Sunday, May 19, 2013
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Students at Cape Elizabeth Middle School use a school laptop in June 2011. A request for archival documents about the state’s school laptop program revealed a problem with how Jeff Mao, the state official in charge of the program, was backing up his emails. The Department of Education says it has taken steps to correct the issue.
File photo by Amanda Kozaka
Jeff Mao, learning technology policy director
Kielty would not comment on the context or existence of an ongoing investigation, but in a March 1 letter to Education Commissioner Stephen Bowen that was obtained by the Telegram, she wrote: "Mr. Mao's response to (The MacSmith's public records) request has taken an unreasonably long amount of time while he wandered from excuses to blame, finally arriving at a confession of his own technological blunder. ... Mr. Mao's credibility has suffered and his ability to ensure that state government records are retained and maintained as required by law is subject to question."
The Department of Education said it would not make Mao available for an interview, and he did not respond to an interview request. In a series of interviews and written responses to questions last week, department spokesman David Connerty-Marin described the sequence of events in detail, acknowledged the system had not worked as it should, and said the department was taking steps to fully address both the technical issue and The MacSmith's records request.
"We take transparency and responsiveness seriously and have a good track record. We dropped the ball on this one," Connerty-Marin said. "We have identified the problem and ... already largely implemented the solution."
The situation developed more than a decade ago, when Maine's laptop program purchased Macs. Mao and a handful of other education department personnel who worked closely with participating schools also adopted Macs, but encountered problems interacting with the state's PC-based computer network and its email servers.
"We did the best we could over the years to construct a solution for backing up email and documents," Connerty-Marin said, noting that from 2004 Mao backed up his material himself, using an external hard drive generally kept at his home. "We agree that we should have acted more quickly on resolving this technology issue to ensure a backup for the Macs."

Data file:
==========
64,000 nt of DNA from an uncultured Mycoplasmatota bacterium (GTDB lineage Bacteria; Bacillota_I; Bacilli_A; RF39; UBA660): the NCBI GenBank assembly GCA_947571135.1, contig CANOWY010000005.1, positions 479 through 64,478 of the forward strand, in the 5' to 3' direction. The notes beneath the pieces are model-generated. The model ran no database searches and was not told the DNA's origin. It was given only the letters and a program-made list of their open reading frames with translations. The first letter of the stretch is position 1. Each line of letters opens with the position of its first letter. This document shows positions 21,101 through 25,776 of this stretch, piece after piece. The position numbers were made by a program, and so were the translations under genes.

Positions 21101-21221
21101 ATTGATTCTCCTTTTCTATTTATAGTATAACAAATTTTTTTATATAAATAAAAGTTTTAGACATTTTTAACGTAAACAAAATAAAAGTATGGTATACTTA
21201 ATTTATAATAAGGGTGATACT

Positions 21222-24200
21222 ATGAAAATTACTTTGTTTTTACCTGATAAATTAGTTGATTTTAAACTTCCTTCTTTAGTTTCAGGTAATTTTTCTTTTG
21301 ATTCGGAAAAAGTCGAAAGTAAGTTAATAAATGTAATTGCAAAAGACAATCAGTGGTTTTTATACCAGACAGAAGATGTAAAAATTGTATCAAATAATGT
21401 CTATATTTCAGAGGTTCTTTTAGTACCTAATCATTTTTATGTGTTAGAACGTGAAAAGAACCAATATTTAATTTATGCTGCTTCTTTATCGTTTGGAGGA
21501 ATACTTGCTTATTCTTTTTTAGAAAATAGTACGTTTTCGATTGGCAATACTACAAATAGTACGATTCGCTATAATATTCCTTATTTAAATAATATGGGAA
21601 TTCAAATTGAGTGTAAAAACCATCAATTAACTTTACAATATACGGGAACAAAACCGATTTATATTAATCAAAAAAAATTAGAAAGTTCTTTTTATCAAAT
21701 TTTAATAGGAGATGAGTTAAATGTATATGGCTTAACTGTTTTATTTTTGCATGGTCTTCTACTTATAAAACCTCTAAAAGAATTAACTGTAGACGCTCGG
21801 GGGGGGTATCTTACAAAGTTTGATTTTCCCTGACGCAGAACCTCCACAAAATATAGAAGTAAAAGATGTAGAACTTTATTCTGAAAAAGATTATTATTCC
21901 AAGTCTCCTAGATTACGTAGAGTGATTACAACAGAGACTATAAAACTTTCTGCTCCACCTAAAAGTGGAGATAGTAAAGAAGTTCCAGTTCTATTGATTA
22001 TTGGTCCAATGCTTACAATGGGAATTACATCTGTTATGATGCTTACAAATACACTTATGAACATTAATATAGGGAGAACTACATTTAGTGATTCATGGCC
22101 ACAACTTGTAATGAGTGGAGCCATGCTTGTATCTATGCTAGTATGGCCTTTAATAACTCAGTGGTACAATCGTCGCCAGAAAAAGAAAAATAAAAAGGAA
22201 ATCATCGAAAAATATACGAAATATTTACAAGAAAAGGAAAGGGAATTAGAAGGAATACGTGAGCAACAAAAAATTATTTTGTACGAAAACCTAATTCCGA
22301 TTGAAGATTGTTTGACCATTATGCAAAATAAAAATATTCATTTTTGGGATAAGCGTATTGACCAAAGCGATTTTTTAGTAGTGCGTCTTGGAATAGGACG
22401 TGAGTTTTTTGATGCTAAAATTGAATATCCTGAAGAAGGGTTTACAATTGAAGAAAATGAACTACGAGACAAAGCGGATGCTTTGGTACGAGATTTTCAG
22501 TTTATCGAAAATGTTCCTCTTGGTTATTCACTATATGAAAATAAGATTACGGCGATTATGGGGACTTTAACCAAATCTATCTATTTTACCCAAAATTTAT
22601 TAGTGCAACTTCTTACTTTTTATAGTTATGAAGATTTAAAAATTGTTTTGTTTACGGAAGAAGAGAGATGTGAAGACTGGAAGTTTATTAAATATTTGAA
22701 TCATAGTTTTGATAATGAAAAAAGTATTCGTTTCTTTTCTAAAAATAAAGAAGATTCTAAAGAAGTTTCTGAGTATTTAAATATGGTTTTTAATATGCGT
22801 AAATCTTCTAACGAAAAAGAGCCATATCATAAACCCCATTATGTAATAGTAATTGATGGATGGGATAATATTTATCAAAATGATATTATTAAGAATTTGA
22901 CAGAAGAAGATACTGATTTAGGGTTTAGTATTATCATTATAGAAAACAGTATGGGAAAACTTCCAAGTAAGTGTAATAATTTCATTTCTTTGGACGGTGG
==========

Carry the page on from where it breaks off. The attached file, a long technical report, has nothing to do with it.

SPOKESMAN: SERIES OF INNOCENT ERRORS
Senior officials were apparently unaware of the breach in records retention policy. "I did not know and clearly would have expected there was a backup and didn't realize that was what was happening," says Sue Gendron, who was commissioner of education from 2003 to 2010.
Connerty-Marin said that Mao's is the only computer that until recently was not being backed up on state servers. He said it was his understanding that in mid-July, the Office of Information Technology had upgraded servers, allowing Mao's emails to be backed up, although the office did not respond to inquiries to confirm this.
He described a chain of events that may have given the impression of impropriety but that he asserted were really the product of Mao's innocent mistakes: distraction due to work on awarding a major laptop program renewal contract; a series of user-error software blunders leading him to falsely believe he had lost months of email; the accidental discovery of the error; and a misreading by the department of the scope of the public records The MacSmith had requested.
The practice was clearly not in accordance with state policy, but if no records were intentionally destroyed, it would probably not result in legal punishment, said Cheever, the state archivist. "If you are in a position of authority and responsibility, you are expected to adhere to record retention policy, and not doing so gets you into administrative trouble," he said. "The legal sanction, however, is on actually destroying records."
Connerty-Marin said his department was backing up Mao's external hard drive and would turn it over to the Office of Information Technology to ensure that no records responsive to The MacSmith's request had been accidentally missed. The office was to confirm that Mao's computer and email account and those on any other department Macs were being backed up nightly. All future public records requests were to be managed by Gregg Scott, the department's official Freedom of Access Act coordinator, as per proper department procedure.
He was also under the impression last week that The MacSmith had received all the requested documents from Mao's account, but the company said this is not the case and that there were still glaring gaps in the records.
"There is supposed to be transparency in government and there are millions of dollars at stake here, and yet we requested information and were not given it," said Smith, the company's owner. "If they can't be transparent about contracts, and given the amount of money involved, how can the public trust them?"
Colin Woodard can be contacted at 791-6317 or at: